Published on: 18-Jan-2019
In 2011, Naomi Kutin broke a world powerlifting record, squatting 215 lbs. She was in the 97 lbs weight clas…and was just nine years old. She broke a record previously held by a 44 year old German woman. Since then, Naomi has become a prodigy with the nickname “Supergirl” in the lifting community. Now, at 16, she has continued to astound, deadlifting 365 lbs in the last Pan American Championships with Team USA.
As you look at your own daughter, you’re probably thinking, “Thank goodness my daughter wants to play softball… “Aren’t girls like Naomi a special case?” And…most importantly, “Is what Naomi doing in that video EVEN SAFE???” As parents, coaches, trainers…we all walk a fine line. We want to keep young athletes from the life-long consequences of injury but we still want to help them be their best. Especially if they LOVE their sport. No one wants to put out the fire of a young athlete. But when is it our responsibility to draw the line? How can we prepare our young athletes for the risks of their sport?
Until recently, strength training and young athletes has been a taboo subject. Even more so for females. Most parents have no problems signing their daughter up for softball or soccer, but strength training? It just doesn’t happen that easily. Here’s the problem: Our girls are getting hurt. In soccer. In softball. In volleyball. And, our girls are getting hurt more often- and worse -than our boys.
With more females participating in sports over the last decade, science has devoted a greater focus to female athletes and their development. Currently, data for gender-matched sports show females present a higher incidence of injuries than male athletes. And when we think about it….it makes sense!!! We KNOW that male athletes have more muscle mass and a baseline of strength due to their hormonal makeup (hello higher testosterone!).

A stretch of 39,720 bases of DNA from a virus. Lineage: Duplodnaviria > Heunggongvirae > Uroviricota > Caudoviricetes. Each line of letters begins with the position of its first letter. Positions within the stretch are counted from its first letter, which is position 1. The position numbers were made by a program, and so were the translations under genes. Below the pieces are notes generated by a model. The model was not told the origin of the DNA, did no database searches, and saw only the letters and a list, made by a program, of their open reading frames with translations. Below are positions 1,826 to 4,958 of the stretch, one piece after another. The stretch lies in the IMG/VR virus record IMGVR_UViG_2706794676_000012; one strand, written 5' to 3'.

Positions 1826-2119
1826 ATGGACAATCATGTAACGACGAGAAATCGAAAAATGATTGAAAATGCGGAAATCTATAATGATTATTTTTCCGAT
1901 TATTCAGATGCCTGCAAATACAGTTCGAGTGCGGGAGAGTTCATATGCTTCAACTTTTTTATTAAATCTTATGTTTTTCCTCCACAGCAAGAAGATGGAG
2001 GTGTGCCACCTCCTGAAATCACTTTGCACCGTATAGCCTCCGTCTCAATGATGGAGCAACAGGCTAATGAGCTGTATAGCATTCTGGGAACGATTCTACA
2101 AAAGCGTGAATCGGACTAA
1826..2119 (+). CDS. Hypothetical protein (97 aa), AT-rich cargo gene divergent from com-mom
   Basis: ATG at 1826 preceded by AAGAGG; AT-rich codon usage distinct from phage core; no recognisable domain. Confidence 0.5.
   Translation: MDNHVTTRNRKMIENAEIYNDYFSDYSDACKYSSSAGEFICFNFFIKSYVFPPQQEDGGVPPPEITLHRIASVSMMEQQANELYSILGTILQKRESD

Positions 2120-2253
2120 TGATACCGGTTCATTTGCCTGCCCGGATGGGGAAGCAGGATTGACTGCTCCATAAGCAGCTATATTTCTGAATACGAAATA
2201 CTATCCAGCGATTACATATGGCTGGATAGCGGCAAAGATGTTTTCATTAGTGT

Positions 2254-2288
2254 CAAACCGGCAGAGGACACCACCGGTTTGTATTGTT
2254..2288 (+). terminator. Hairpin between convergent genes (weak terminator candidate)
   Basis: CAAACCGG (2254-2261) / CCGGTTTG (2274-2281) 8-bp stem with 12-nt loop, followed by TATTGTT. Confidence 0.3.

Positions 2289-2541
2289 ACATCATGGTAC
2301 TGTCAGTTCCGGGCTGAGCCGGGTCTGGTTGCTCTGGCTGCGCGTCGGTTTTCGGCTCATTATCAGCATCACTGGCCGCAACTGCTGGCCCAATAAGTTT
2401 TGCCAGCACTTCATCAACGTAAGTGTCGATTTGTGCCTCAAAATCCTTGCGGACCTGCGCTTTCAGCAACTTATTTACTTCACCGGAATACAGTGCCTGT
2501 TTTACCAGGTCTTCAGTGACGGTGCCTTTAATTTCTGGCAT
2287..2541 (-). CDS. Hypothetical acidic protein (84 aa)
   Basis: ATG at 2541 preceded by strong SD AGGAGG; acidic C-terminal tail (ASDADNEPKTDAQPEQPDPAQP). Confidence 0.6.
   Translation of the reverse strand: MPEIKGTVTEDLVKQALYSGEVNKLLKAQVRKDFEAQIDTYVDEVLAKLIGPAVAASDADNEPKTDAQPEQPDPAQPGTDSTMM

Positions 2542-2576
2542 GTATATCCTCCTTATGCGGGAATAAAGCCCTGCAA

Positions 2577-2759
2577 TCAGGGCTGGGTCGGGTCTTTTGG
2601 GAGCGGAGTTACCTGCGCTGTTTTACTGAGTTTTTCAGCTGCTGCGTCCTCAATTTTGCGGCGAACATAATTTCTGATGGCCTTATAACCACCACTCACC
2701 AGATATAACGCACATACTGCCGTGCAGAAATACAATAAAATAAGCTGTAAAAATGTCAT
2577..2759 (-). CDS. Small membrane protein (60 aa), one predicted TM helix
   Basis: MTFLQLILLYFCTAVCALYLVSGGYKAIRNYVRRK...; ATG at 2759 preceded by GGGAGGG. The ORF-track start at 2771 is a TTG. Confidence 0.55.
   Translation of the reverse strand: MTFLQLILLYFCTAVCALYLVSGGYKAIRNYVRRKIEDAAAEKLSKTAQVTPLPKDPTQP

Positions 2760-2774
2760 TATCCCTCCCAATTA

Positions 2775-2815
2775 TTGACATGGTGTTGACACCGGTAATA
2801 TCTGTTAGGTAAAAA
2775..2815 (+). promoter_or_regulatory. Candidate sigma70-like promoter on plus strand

YET in gender-matched sports with similar rules (ie softball/ baseball, basketball, soccer, lacrosse, volleyball, etc), males and females are exposed to the SAME FORCES on the field or court. But we keep throwing our comparatively weaker females on to this field or court.
It’s no wonder our female athletes keep getting injured!
Girls are seeing an increase in injury in sports, particularly
- stress fractures,
- ACL tears,
- and other knee injuries like PFPS (patellofemoral pain syndrome)
What’s the solution? How can we prepare young female athletes for a healthy athletic career?
The science is clear: strength training is not just a necessary training tool for football players; it is a necessary tool for all ATHLETES to help prepare their bodies for the forces imposed in sport. And based on the current research, it is CRUCIAL we start making strength training a PRIORITY for today’s female athlete. (1)
In this article we are going to discuss:
- When should females begin strength training programs
- The ‘neuromuscular spurt’ girls need for athletic development
- Common injuries and training techniques that reduce risk
- How CULTURE has created a dangerous myth surrounding strength training for girls
“The young bodies of modern day youth are often ill prepared to tolerate the demands of sports or physical activity.”
Contributed by: Emily R Pappas, MS Exercise Physiology